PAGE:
Tuberous sclerosis complex is a genodermatosis with multisystem hamartomas. The skin is one of the most commonly affected organs. Angiofibromas, hypopigmented macules, shagreen patches and fibromas are frequently observed clinical findings. Among these, angiofibromas are the most common and cause considerable cosmetic and psychosocial problems. Several methods have been used to remove these benign tumors, such as radiofrequency ablation, cryotherapy, electrocoagulation, dermabrasion, laser surgery and podophyllotoxin application. Some of these are expensive, whereas others are destructive and lead to scar formation.,,,,,
After the incidental observation of improvement in angiofibromas in a kidney transplant patient who used sirolimus, it seemed logical to use this for the treatment of angiofibromas. As the systemic drug was expensive and caused side effects, topical use was considered as an alternative. We were able to find only a few previous reports of the use of topical sirolimus for the treatment of angiofibromas in the English literature.,,,,
Sirolimus is a member of the family of immunosuppressive and anti-cancer agents, known as mammalian target of rapamycin (mTOR) inhibitors. It inhibits cancer cell induced angiogenesis and proliferation. For this reason, it has been used for the treatment of angiomyolipomas, lymphangioleiomyomatosis and angiofibromas.,,,, Haemel et al. reported the first case of facial angiofibromas treated with topical sirolimus.
Although some authors applied the solution form of sirolimus directly to the skin, it caused irritation. Subsequently, the tablet form of this molecule was preferred. The tablets are crushed and dispersed homogeneously in petrolatum. In our study, we used the tablet form (Rapamune 1 mg coated tablet, Pfizer Limited, United Kingdom), which were crushed and mixed in vaseline to a concentration of 0.1%.
Our results were similar to those of previous authors. After three months of application, the angiofibromas on the left side of the face were smaller and paler; this effect was staistically significant. After reversing the application side after three months, a similar beneficial effect was noted proving the efficacy of topical sirolimus.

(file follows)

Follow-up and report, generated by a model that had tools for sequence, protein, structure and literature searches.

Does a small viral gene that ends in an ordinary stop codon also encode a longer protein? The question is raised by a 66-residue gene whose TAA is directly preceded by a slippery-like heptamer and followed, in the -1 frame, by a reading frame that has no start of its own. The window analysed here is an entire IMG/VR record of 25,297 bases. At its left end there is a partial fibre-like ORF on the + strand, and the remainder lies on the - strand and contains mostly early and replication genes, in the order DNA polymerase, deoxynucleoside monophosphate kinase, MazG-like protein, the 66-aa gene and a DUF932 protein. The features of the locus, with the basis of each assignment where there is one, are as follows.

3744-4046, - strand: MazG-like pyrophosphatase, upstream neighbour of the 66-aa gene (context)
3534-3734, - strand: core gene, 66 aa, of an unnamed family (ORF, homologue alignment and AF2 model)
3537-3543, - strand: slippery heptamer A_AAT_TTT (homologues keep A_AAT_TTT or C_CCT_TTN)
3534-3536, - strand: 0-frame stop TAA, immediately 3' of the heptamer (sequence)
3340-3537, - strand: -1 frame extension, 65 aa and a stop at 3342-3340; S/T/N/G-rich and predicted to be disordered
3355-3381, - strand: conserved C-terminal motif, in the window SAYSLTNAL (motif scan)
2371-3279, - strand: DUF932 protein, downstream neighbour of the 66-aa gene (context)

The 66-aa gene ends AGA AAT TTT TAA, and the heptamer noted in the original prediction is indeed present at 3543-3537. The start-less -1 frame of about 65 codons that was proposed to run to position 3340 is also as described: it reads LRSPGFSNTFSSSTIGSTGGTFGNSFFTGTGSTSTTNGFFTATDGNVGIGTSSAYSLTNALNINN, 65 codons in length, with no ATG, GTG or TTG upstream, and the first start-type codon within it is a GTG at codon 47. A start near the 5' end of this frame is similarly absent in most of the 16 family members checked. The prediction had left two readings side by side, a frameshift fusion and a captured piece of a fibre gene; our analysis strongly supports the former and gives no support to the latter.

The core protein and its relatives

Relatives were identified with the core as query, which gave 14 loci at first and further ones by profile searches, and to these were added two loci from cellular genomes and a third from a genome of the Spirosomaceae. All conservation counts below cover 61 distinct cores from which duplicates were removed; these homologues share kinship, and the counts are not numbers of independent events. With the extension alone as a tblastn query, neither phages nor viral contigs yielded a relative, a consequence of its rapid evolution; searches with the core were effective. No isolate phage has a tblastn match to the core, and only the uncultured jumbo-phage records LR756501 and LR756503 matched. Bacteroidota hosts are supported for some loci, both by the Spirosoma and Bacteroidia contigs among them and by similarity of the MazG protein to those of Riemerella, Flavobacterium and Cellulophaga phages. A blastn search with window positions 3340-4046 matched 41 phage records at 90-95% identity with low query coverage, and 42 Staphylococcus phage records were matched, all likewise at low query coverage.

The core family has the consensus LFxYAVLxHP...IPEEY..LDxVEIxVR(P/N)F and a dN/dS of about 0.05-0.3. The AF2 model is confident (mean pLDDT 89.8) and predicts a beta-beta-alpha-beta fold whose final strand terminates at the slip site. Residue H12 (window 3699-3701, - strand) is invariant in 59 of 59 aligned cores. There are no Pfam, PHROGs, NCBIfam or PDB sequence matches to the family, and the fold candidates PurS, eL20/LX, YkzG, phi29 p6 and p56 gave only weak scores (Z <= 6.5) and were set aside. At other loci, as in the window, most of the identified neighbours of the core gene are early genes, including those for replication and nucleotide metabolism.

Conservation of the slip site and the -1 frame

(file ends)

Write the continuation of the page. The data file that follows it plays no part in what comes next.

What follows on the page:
Unlike previous studies, we were able to see and re-evaluate the patients after a treatment-free interval. Unfortunately, recurrence of the lesions was a consistent finding among all patients. The mean facial angiofibroma severity index on both sides of the faces was calculated again and was found to be significantly increased. This data showed that the effect of topical sirolimus is transient, as noted in previous studies. The patients were asked to restart topical sirolimus, and apply it on both sides of the face for another three months. The statistically significant improvement on repeat application shows that such usage is possible with good results. We were unable to find any previous studies that reported on the efficacy of repeated applications of topical sirolimus.
Some authors noted that younger patients responded better to treatment, as early lesions mainly consist of a vascular component. However, our results were different. We divided the patients into two groups according to age (≤10 years and >10 years old) and found no statistical difference between both groups with respect to treatment response.
Considering the side effects (including scar formation, post-inflammatory hyperpigmentation, and pain) seen with the conventional treatment options, topical sirolimus seems to be a fairly well tolerated choice. Previous reports observed no side effects with topical sirolimus, or minimal side effects such as erythema and minor bleeding. Only two patients were reported to have detectable blood levels of sirolimus, and even those were far below the conventional immunosuppressive levels. In our study, three patients had redness and irritation, which disappeared in a few days with the application of hydrocortisone cream once daily. A limitation of our study was that we were unable to measure the blood levels of sirolimus.
| Conclusion|| |
Topical sirolimus seems to be a promising treatment option for facial angiofibromas. As it has few side effects and is easy to apply, more physicians will use it in the future. We found that topical sirolimus was effective when used in a repeat treatment protocol for angifibromas that recurred after stopping therapy.
Declaration of patient consent
The authors certify that they have obtained all appropriate patient consent forms. In the form the patients have given their consent for their images and other clinical information to be reported in the journal. The patients understand that their names and initials will not be published and due efforts will be made to conceal their identity, but anonymity cannot be guaranteed.
Financial support and sponsorship
Conflicts of interest
There are no conflicts of interest.